… Stabilizing the interface between the Li metal and the electrolyte is therefore key in improving the cycling performance of Li metal batteries. The ideal interfacial layer for the Li metal anode needs to be chemically stable in a highly reducing environment, and also mechanically strong. High flexibility is desired to accommodate the volumetric expansion of Li deposition without mechanical damage. In addition, the ability to control the flow of Li ions with the SEI inhomogeneities is essential to ensure uniform Li deposition. Here, we describe a flexible, interconnected, hollow amorphous carbon nanosphere coating with the aim of realizing such an ideal interfacial layer.

—Zheng et al.

(A) depicts an unprotected Li metal anode on a copper substrate. A thin film of SEI layer forms quickly on the surface of deposited Li (blue). Volumetric changes during the Li deposition process can easily break the SEI layer, especially at high current rates. This leads to ramified growth of Li dendrites and rapid consumption of the electrolytes.

(B) shows depicts the results of modifying the copper substrate with a hollow carbon nanosphere layer to create a scaffold for stabilizing the SEI layer. The top surface, formed from the hollow carbon nanospheres, is static and forms a stable, conformal SEI, while Li metal deposition takes place underneath, on the metal current collector. The volumetric change of the Li deposition process is accommodated by the flexible hollow-carbon-nanosphere coating. Zheng et al. Click to enlarge.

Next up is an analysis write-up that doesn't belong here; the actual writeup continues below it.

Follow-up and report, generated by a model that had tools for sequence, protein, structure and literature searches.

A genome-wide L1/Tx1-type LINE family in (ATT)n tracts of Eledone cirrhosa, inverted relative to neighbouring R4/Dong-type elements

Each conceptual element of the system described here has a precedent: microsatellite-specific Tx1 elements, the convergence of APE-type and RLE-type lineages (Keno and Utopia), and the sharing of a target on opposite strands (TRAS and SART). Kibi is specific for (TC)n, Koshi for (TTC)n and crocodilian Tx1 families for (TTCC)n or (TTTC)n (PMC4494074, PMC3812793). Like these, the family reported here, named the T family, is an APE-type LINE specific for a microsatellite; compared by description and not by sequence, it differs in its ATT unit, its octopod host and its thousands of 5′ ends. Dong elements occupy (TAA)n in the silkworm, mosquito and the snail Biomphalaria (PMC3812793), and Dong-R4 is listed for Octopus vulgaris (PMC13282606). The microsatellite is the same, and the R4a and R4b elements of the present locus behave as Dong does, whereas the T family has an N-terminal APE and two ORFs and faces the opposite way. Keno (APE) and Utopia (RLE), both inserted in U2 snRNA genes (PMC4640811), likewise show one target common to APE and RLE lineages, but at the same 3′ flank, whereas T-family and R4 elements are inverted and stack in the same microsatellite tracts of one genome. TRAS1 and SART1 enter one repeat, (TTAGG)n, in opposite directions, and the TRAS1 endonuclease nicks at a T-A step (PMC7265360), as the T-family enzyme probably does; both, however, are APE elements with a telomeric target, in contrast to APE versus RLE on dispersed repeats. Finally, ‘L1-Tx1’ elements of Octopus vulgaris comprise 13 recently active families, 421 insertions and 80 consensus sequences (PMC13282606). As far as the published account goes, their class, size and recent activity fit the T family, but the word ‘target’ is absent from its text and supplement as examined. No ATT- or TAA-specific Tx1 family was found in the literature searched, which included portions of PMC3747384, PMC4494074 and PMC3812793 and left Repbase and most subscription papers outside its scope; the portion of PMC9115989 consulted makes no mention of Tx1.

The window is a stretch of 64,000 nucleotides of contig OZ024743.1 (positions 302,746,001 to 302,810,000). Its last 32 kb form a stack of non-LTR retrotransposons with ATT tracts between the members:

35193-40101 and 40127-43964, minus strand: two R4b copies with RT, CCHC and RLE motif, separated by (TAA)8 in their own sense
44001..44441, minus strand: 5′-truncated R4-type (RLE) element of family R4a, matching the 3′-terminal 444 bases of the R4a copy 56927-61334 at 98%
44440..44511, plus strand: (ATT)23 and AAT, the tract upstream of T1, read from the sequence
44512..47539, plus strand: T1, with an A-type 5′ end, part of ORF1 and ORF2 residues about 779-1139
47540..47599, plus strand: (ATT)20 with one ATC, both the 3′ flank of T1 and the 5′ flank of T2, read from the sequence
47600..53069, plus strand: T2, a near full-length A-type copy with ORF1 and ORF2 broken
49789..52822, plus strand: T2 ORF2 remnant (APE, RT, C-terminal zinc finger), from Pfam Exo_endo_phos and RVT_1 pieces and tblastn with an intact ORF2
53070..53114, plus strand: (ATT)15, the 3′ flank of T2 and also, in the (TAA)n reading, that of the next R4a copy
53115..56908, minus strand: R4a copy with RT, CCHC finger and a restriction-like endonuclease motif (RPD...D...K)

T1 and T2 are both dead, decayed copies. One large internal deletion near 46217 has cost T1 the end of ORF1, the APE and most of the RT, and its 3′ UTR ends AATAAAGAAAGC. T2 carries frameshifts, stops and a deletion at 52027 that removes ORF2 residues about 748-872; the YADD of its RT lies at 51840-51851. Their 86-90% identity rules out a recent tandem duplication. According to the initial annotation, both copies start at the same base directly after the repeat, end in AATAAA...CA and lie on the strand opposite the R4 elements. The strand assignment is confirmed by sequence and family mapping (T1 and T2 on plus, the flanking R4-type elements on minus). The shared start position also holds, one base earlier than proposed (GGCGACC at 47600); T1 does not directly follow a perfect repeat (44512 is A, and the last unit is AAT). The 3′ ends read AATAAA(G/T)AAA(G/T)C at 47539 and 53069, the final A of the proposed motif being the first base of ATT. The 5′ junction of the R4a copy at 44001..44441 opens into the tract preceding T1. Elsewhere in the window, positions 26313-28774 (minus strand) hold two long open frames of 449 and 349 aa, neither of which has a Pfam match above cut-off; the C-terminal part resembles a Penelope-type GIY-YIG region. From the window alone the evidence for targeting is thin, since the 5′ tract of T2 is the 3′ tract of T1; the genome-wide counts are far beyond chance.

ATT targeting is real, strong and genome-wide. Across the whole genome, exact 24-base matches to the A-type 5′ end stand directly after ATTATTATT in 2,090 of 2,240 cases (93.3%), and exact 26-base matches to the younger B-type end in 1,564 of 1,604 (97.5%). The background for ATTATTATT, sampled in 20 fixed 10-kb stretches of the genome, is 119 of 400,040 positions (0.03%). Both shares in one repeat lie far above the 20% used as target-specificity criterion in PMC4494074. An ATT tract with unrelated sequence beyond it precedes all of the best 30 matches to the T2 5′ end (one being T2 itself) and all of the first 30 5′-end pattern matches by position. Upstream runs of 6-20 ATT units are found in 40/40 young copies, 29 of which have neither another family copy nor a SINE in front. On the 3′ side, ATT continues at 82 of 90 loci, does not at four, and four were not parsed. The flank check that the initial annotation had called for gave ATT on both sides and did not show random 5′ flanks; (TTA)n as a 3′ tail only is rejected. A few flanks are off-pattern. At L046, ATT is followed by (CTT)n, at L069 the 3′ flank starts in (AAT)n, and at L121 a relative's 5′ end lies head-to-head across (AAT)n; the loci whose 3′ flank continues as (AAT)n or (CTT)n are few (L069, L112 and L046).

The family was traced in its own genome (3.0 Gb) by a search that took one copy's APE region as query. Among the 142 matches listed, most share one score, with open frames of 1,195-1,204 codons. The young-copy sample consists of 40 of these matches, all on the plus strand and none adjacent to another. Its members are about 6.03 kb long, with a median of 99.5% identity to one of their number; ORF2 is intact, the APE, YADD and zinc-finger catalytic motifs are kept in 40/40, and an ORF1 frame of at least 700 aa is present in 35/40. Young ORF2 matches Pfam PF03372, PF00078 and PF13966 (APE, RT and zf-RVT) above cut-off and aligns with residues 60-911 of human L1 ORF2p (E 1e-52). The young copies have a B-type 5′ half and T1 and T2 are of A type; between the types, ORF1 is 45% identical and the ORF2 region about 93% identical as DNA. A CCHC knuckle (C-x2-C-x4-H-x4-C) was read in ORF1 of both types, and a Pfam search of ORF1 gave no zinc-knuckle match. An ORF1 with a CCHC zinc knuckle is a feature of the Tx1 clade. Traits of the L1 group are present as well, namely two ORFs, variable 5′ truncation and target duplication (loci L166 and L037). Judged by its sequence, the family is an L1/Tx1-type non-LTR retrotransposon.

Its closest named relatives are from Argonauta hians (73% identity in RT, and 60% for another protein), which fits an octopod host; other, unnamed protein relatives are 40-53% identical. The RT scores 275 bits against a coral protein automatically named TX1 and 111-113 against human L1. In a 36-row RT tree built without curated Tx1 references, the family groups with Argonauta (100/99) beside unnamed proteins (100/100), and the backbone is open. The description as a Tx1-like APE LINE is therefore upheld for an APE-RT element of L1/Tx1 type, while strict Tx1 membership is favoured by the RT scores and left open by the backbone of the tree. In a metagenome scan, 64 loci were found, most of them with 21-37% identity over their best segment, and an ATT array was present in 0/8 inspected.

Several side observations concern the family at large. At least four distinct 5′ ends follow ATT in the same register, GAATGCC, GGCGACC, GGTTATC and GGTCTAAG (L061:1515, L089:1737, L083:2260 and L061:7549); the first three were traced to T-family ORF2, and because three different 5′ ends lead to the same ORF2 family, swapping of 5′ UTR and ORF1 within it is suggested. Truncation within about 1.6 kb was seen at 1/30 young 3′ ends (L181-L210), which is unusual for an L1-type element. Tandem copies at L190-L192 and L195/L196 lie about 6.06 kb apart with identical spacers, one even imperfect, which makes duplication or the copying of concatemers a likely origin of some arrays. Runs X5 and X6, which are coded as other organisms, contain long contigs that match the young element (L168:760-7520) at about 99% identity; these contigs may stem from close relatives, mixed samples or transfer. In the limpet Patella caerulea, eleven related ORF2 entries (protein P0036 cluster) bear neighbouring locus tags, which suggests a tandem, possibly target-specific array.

The Stanford team’s nanosphere layer resembles a honeycomb: it creates a flexible, uniform and non-reactive film that protects the unstable lithium from the drawbacks that have made it such a challenge. The carbon nanosphere wall is just 20 nanometers thick.

The Stanford team says that their interfacial nanoscale engineering approach offers three main benefits:

  • Amorphous carbon is chemically stable when in contact with Li metal;